Choice isn’t everything. Just ask anyone who has ever surfed through hundreds of cable channels, been confronted with a lengthy restaurant menu, or tried online dating. That’s the ethos of Ashley Rosebrook and Stefan Peters, the couple behind personalized photo printing site Pinhole Press. In an arena of hundreds of online printing competitors, simplicity is Pinhole’s biggest selling point.

The idea was born when Stefan, an ex-chief marketing and brand officer for global furniture manufacturer DUX of Sweden, wanted to create a photo book to commemorate his father’s 70th birthday. He was overwhelmed by choice, says Rosebrook, a former design director at Vera Wang. "For that project to be intimidating to someone well-versed in editing and putting to photo spreads made us think, 'there’s an idea.'"

Too many companies in the photo realm obsess over typefaces, font colors, and shades, they thought. Rosebrook and Peters’ goal was simplicity of design for the Web-based interface and for physical products. Instead of tome-sized volumes, most Pinhole products are formatted to include fewer than 12 images for life milestones like a new baby, a wedding, or a birthday. "One of the big things you learn when you work for great luxury brands is how to edit yourself and pare things down to their essence," Rosebrook says, citing Google and Apple designs. "More doesn’t necessarily make the consumer happy, and can actually be frustrating."

That focus on simplicity has helped Pinhole Press establish a lucrative niche in a booming market. The company declines to release its exact revenue but says sales have doubled every year since inception, and are projected to increase over the next two years.

According to IBISWorld, revenue in the $3.5 billion online greeting card industry (which encompasses bulk stationery products, e-cards, and personalized paper cards) is primarily generated from customers 55 and older (think parents and grandparents) and 25 to 35-year-olds (new parents). Analyst Nikoleta Panteva says that as people of all ages incorporate technology into their day-to-day lives, the popularity of these sites will continue to rise to the tune of 6 percent revenue growth each year.

Peters and Rosebrook spent $500,000 of personal funds to get going, and estimate that an additional $2 million went into the business before they broke even. The founders worked hard to keep costs low, asking friends and family members to pose for the website. Their then-newborn daughter did double duty as both boy and girl baby model. The duo held down production costs by forging a partnership with Mohawk Fine Paper, an environmental paper mill they had worked with in the past. Mohawk worked to create the product as well and brand and market the business. The Pinhole Press following grew outward from friends, family, and past business associates, and Peters tracked the company’s progress on Google Analytics. "The website took about six months to get to one million page views," he says. "But just one month later we were at 10 million. It was kind of a moment of triumph."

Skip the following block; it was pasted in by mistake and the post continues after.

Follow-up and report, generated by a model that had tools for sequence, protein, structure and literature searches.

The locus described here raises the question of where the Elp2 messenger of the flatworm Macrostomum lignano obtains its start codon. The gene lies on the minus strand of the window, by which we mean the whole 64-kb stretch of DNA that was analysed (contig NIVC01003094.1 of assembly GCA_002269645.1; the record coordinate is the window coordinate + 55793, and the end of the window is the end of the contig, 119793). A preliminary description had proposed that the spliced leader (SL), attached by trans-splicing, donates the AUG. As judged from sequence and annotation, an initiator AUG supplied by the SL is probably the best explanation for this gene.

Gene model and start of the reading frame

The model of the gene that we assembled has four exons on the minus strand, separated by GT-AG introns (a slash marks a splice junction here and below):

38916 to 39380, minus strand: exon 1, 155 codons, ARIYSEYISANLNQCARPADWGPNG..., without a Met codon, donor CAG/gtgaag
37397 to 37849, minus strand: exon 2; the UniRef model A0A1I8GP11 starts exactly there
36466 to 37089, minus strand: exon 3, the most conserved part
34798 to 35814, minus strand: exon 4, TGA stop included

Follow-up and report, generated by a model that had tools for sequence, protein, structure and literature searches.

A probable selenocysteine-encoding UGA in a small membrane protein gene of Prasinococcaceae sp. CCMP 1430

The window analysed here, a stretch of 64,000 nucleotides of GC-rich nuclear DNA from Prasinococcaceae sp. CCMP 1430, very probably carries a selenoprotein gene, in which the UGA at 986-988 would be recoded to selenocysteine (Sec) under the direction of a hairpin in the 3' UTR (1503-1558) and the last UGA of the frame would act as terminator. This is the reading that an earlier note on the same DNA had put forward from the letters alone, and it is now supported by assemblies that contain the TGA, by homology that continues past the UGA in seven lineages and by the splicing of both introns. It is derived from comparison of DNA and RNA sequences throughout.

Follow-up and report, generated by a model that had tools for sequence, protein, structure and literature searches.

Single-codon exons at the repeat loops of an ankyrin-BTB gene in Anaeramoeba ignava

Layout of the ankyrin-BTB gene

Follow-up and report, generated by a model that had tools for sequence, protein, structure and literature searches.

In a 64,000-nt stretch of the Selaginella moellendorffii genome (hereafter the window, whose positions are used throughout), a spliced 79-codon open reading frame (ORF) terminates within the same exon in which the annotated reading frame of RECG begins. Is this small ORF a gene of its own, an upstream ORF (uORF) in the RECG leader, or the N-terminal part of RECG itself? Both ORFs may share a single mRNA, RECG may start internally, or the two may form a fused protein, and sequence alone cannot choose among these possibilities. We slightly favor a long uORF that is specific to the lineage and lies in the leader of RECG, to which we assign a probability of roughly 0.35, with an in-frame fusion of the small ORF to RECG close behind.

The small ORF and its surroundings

In 2011, Martha Stewart used Pinhole to create party favors for her 70th birthday celebration, and soon after she featured Pinhole products in a magazine spread commemorating the birth of her granddaughter Jude. The high profile appearances caught the attention of Andy Patrick, the CEO of liveBooks, a California software company that provides site-hosting services to creative businesses.

"What really struck a chord with liveBooks was Pinhole’s commitment to making the process of creating these products easy," he says. "Humans have been writing on cave walls for tens of thousands of years, so to speak. There has been enormous growth in the number of images we capture, and now people need an economical way to print those images on whatever product they choose."

Last October, liveBooks purchased Pinhole Press for $33 million. Over the next few months, liveBooks engineers will develop the Pinhole platform and the companies’ marketing and support teams will integrate. Rosebrook and Peters remain Pinhole’s co-creative directors and are focusing less on the technological details of their business--the part they found most challenging. They intend to develop new, interactive educational toys to complement their bestselling names-and-faces book and flashcards, as well as design decorative décor for the home or office. The two consider notepads and photo books to be the foundation of their business, but not the limit.

"When you bring it down to its essence, this industry is growing because the products make people happy," Rosebrook says. "There’s a sense of nostalgia for a simpler era, and these items allow people to slow down. You can’t get that from cycling through images on your computer."